Hearth Tax Rolls
The Hearth Tax was introduced by the government of Charles II in 1662 at a time of serious fiscal emergency. The original Act of Parliament was revised in 1663 and 1664, and collection continued until the tax was finally repealed by William and Mary in 1689. Under the terms of the grant, each liable householder was to pay one shilling for each hearth within their property for each collection of the tax. Payments were due twice annually, at Michaelmas (29 September) and Lady Day (25 March), starting at Michaelmas 1662.
For centuries, the hearth was considered an integral part of a home, often its central or most important feature. For many of the poorest families in the land, this was another hardship put upon them by a government far removed from their every day lives, but a tax which had to be paid and was taken by one means or another.
However, the administration of the tax was extremely complex, and assessment and collection methods changed radically over time. As a result, the majority of the surviving documents relate to the periods when the tax was administered directly by royal officials, who returned their records to the Exchequer, namely the periods 1662-1666 and 1669-1674. Outside these periods, the collection of the tax was 'farmed out' to private tax collectors, who paid a fixed sum to the government in return for the privilege of collecting the tax. These farmers were not required to send their assessments into the Exchequer, although a few returns from these periods do survive.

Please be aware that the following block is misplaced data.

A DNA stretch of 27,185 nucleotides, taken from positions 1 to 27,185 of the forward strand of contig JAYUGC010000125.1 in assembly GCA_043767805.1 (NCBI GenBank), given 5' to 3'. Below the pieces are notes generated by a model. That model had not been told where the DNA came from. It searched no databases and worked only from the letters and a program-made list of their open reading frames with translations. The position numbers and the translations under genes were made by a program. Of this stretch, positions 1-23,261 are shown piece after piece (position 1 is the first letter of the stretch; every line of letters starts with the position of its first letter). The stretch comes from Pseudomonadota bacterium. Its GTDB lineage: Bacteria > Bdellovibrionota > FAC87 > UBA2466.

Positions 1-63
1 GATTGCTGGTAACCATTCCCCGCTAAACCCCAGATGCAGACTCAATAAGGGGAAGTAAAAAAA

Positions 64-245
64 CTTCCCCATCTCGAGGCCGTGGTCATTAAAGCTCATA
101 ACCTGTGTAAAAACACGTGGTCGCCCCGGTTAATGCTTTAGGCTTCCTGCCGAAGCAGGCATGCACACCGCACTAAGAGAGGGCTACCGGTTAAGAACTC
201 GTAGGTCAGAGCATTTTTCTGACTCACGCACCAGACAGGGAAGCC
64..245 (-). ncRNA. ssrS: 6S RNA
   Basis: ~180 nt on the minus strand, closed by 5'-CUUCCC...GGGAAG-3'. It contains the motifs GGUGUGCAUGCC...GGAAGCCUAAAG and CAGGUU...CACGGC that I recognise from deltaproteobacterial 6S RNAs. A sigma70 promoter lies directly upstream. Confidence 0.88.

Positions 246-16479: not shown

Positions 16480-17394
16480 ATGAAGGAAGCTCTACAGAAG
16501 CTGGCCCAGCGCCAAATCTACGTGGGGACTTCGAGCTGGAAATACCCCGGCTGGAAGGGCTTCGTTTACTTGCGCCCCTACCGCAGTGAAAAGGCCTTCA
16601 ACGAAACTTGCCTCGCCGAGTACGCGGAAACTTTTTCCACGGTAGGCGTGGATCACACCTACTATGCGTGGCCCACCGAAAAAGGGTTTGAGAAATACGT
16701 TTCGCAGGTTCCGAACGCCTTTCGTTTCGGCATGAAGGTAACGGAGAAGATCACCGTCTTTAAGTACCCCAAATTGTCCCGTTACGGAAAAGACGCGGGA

See our Harth Tax records for more information on how this affected the people of Lurgan.